ED Magedson – Founder
My debit card was stolen and over $850 was withdrawn from my account in several unauthorized transactions. I reported the fraudulent activity the next day after receiving a call from the "fraud prevention" department. I filed a claim a few days later after the charges cleared - the first person I spoke with at the claims department implied it would be a relatively simple process to have my claim processed and the money stolen from my account credited back. All I would need to do is sign an affidavit and return back to Chase stating I did not authorize the transactions.
I waited a few days and called back the "claims" department after receiving nothing. I was told by this representative that my claim would be handled in 24-48 hours, with the implication that I would receive back my stolen funds. After not hearing anything 5 days later, I called claims once again, only to be told my claim had been denied. I asked why and was told that since the disputed transactions occurred very soon after my last authorized transaction, and the correct PIN was used each time, that my claim had been denied because Chase believed the transactions MUST have been authorized. I was told I would need to provide proof that it was not me making the transactions. I asked if Chase could review the ATM videos, and the representative told me I should go to the corresponding banks to the ATMs where the theft occurred and ask to see the videos, and then have the banker there contact Chase Claims Dept and explain that it was not me who took the money out.
After a little investigation of the addresses of the ATMs, I found out one was actually at a CHASE ATM. Before I could call in again, I received two separate letters in the mail explaining that my claims had been denied (the claims were divided into two sections for some reason). A direct excerpt from the letter reads "You are welcome to view the research documents used in resolving your claim." I found out that is not the case at all. Upon calling in to the claims department, I first talked to a representative who could not answer my questions directly, such as "since the transaction occurred at a CHASE ATM, can't you just look at the video and see who it is making the transaction?" Since it was definitely not me making the transaction, it seems pretty straight-forward to me that it was not an authorized transaction, right? WRONG!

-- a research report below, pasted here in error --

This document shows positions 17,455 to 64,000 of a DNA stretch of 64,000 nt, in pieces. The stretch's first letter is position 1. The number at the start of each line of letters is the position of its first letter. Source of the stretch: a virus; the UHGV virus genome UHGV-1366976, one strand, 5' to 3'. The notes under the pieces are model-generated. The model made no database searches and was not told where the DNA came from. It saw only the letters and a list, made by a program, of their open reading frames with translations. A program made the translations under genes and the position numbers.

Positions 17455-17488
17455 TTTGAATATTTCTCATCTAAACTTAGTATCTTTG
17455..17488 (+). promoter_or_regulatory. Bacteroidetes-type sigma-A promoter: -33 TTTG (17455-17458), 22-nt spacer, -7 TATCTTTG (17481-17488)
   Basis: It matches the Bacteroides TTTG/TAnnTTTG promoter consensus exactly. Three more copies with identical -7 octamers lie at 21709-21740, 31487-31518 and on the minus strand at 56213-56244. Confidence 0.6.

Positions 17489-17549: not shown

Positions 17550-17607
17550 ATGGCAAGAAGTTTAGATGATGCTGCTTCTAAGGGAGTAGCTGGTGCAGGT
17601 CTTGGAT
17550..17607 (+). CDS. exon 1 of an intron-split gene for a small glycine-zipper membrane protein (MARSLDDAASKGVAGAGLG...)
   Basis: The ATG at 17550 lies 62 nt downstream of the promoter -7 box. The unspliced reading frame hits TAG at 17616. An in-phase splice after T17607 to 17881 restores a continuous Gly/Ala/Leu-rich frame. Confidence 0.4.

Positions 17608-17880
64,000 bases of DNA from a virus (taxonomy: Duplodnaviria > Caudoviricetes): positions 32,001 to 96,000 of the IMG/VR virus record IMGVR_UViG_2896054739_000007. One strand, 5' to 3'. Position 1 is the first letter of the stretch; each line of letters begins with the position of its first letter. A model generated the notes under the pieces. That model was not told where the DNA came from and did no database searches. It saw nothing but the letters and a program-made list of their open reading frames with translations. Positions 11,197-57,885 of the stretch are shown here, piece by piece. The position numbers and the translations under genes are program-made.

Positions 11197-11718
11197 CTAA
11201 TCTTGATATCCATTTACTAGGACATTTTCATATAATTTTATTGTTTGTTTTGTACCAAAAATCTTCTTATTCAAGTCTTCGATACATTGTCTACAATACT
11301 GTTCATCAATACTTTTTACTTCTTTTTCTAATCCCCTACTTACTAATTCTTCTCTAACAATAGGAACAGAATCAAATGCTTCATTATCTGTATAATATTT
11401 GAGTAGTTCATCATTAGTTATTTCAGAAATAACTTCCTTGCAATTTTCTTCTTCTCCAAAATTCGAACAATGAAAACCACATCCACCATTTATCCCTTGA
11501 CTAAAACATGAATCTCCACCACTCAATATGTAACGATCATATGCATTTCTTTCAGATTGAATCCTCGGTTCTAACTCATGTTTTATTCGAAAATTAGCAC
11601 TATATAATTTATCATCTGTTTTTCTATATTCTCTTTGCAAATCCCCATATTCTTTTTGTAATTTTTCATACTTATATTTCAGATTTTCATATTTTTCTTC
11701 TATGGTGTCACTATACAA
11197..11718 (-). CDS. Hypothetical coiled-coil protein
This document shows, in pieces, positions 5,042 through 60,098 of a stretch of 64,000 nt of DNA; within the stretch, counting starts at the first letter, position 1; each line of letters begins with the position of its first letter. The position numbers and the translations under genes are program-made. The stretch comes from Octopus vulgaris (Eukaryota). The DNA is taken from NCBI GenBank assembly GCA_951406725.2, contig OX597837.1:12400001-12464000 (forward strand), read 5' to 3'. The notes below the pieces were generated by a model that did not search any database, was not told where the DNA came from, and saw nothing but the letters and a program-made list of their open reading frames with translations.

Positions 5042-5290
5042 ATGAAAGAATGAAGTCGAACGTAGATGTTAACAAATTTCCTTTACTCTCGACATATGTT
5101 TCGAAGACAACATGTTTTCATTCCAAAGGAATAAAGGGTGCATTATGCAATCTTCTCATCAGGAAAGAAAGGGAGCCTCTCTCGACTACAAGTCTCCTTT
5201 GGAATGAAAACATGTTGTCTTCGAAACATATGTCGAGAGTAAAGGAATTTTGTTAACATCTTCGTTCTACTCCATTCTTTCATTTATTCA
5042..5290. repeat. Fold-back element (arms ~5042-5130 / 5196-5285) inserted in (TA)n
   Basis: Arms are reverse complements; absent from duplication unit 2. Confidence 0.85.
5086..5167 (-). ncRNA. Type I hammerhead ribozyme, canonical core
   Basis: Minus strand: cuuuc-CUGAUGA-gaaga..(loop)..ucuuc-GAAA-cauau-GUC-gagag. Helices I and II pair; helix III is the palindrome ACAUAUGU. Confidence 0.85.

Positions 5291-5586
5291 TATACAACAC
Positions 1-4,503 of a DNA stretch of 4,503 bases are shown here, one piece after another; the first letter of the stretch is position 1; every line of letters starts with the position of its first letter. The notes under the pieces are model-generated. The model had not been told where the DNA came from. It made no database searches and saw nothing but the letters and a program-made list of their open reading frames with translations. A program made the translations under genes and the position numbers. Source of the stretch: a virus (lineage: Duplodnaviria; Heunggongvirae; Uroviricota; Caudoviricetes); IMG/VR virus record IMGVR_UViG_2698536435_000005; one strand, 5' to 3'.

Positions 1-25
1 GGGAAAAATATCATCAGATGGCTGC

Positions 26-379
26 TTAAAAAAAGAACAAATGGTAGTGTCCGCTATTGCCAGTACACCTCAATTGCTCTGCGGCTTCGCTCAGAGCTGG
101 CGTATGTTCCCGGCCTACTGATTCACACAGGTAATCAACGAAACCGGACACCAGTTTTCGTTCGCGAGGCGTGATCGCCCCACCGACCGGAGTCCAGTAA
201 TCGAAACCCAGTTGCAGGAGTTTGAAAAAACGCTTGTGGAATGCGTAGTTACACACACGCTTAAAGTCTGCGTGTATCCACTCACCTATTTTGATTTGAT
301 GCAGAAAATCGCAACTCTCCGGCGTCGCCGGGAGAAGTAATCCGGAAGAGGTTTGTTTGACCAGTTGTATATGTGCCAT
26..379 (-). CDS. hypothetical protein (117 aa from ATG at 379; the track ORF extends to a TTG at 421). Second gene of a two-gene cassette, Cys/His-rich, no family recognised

I was connected to the first representative's "supervisor", named Gary, who was to answer (or rather, avoid answering) my questions. I asked him why my claim was denied. He said it was because it met Chase's criteria for denial, which he repeatedly refused to divulge. I asked to see the research documents used in processing my claim, only to be told that THERE WERE NO RESEARCH DOCUMENTS FOR MY CASE! They simply denied it because it met Chases mysterious criteria for denial. In other words, they denied it because they felt like it and actually had no evidence whatsoever. Come to find out, they never even looked at the video. They simply took a quick look at the transactions on paper and denied it since the thief had my pin #.
I asked whether it would make a difference if I filed a police report and had the police dept. directly request the video - and when it clearly was NOT ME making the withdrawal - if my claim would be approved. The answer is NO. It wouldn't even matter if someone else is in the video making the transaction, because, as Gary put it, I could have "compromised" my pin # to this person, and basically, they could have been withdrawing money on my behalf.
So basically what it comes down to is Chase does not believe you that fraudulent activity occurred. It was your fault, so too bad. I asked Gary if he had ever heard of the Electronic Funds Transfer Act - he said this didn't apply since it was not an electronic funds transfer. I said it does apply, and that since I notified Chase within two days of the fraudulent activity, that I should only be liable for $50 of the charges. He said it doesn't apply. I asked him what it DOES apply to then, but sadly, Gary did not know. It was "outside his area of expertise". Ok, well then whose area of expertise is it then, Gary? Not the people handling the claims, obviously.
I was told there was nothing I could do to have my claim approved. I concluded the call by kindly notifying Gary that Chase had just lost all of my business forever, which they have. What a joke of a company - blatantly crooked. Time to shift everything over to my trusty local bank where I know I'm a valued customer.
This report was posted on Ripoff Report on 01/19/2010 07:20 PM and is a permanent record located here: http://www.ripoffreport.com/reports/chase/dallas-texas-75262/chase-customer-claim-department-denies-fraud-claim-admitting-they-have-no-evidence-dalla-557041. The posting time indicated is Arizona local time. Arizona does not observe daylight savings so the post time may be Mountain or Pacific depending on the time of year.
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